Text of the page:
Hexagon Energy Materials looks to dismantle Chinese rare earth processing dominance with propriety technology

Hexagon Energy Materials ASX HXG China rare earth element processing RapidSX technology
Hexagon’s managing director Michael Rosenstreich expects the RapidSX REE processing technology will be a “game-changer” and shake up the REE sector.

Hexagon Energy Materials (ASX: HXG) is confident it holds the key to disrupt China’s dominance in rare earth element (REE) processing with its RapidSX technology.

Perth-based Hexagon entered into a joint venture with Toronto-based Innovation Metals Corporation in October last year to earn a 49% interest in the downstream REE separation technology.

Then, mid-last month, the joint venture secured a deal with REE industry stalwart Ucore to evaluate the RapidSX processing technology’s capability in producing high-purity rare earth oxides (REO).

China dominates REE production – accounting for 80% of mine production worldwide. The country generated an estimated 132,000 tonnes of REO last year, compared to 26,000t from the US and 21,000t from Australia.

With REE essential to the rapidly growing electric vehicle and renewable energy sectors, China’s dominance has many countries looking to develop and source their own supplies of the critical minerals.

Hexagon’s managing director Michael Rosenstreich claims its RapidSX technology is set to be a “game-changer” for the company in shaking up the REE industry.

“The reality is China dominates this industry. I think [about 80%] of all rare earths come from China and they import materials to support their supply chain.”

“We’re really focused on downstream processes. We have two of those in action at the moment. One is around rare earth separation where we’re really looking to disrupt the monopoly that China has in terms of downstream rare earth processing and the second one is around graphite … largely around battery materials.”

The science of REE extraction

Mr Rosenstreich explained RapidSX isn’t about re-inventing the wheel but rather more about establishing low-cost processes to enable global mining companies to compete in today’s marketplace.

“The science of RapidSX is exactly the same as the chemistry and science of solvent extraction so we’re not talking about a new paradigm or a new unproven process, the chemistry is exactly the same,” he said.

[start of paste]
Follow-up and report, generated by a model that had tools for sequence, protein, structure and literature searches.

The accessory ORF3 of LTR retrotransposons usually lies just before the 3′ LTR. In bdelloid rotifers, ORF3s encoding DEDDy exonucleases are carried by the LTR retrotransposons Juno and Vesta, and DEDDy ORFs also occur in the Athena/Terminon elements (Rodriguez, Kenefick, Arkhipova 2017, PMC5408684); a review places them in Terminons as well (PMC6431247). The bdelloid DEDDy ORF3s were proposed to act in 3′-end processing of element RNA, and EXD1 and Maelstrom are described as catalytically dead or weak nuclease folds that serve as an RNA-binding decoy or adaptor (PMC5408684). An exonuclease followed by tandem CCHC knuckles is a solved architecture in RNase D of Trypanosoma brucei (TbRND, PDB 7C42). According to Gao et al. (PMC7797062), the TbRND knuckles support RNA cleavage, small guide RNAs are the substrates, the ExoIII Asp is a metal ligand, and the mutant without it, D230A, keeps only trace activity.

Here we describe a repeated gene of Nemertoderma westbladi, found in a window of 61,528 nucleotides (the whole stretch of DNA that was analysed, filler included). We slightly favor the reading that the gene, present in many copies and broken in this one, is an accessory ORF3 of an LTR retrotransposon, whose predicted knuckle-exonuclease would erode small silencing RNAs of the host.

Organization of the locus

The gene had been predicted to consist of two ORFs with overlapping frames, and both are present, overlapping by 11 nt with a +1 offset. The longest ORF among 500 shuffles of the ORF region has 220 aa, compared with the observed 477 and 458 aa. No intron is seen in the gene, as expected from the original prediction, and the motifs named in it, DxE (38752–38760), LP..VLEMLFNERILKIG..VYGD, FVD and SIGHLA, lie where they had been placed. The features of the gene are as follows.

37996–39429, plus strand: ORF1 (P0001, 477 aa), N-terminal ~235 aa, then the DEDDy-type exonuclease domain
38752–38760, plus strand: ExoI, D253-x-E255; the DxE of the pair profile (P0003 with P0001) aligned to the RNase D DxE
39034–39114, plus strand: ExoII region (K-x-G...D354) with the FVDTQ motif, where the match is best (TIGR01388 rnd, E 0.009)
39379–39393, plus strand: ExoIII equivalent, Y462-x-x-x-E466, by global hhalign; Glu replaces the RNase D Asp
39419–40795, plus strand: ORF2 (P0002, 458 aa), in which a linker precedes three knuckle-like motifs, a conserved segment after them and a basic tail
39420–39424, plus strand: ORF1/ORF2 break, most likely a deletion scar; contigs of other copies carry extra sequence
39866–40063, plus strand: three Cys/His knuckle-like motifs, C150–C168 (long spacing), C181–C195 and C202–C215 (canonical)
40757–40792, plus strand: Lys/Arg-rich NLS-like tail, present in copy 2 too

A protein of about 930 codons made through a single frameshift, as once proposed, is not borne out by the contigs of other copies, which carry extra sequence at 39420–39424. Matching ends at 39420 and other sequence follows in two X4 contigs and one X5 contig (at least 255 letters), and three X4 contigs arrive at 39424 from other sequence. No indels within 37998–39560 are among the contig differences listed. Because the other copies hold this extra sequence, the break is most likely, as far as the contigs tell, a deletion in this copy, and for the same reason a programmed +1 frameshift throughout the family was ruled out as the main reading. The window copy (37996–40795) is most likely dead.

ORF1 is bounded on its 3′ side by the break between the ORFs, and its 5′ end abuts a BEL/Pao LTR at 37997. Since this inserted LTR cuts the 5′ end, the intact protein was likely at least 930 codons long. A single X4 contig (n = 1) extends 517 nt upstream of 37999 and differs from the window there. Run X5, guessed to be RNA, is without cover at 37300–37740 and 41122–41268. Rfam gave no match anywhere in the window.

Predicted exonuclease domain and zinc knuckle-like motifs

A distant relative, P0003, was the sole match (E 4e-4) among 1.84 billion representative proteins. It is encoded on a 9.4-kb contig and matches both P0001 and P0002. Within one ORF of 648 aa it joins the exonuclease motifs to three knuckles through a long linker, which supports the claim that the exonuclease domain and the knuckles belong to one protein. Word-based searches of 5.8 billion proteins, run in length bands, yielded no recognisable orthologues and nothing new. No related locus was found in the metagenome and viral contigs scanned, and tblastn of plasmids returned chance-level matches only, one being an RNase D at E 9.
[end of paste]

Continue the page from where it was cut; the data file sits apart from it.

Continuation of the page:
“Secondly, this RapidSX process has been proven in a piloting phase, which has been funded by the US Department of Defense, so when you put that together we believe that RapidSX is now ready for a commercialisation step.”

“We’re not talking about R&D or any sort of exploration work. What we’re talking about is taking a proven low risk technology and commercialising it.”

Mr Rosenstreich pointed out the demand fuelling this type of technology for REE is growing at a rapid rate.

“In terms of electric vehicles, I think we’re making around 4.5 million EVs. In just five years’ time, that’s forecast to hit 40 million units.”

He added that’s part of the company’s strategy behind its joint venture with Innovation Metals.

“We think we’re in the right segment of the supply chain and that ourselves and our shareholders will benefit from participating in this renewable energy.”

Projects closer to home

While Hexagon is focused on REE extraction and on its North American venture, Mr Rosenstreich said he hasn’t taken his eye off the company’s two projects in regional Western Australia.

Hexagon owns the McIntosh project, which the company describes as a large-scale, high-quality flake graphite deposit located in the east Kimberley and also owns a gold deposit in Halls Creek nearby.

With global graphite prices taking a hit, Mr Rosenstreich said the McIntosh project is on the backburner for now.

“In time, as the graphite market improves, and it will … we’ll be positioned to harvest that opportunity.”

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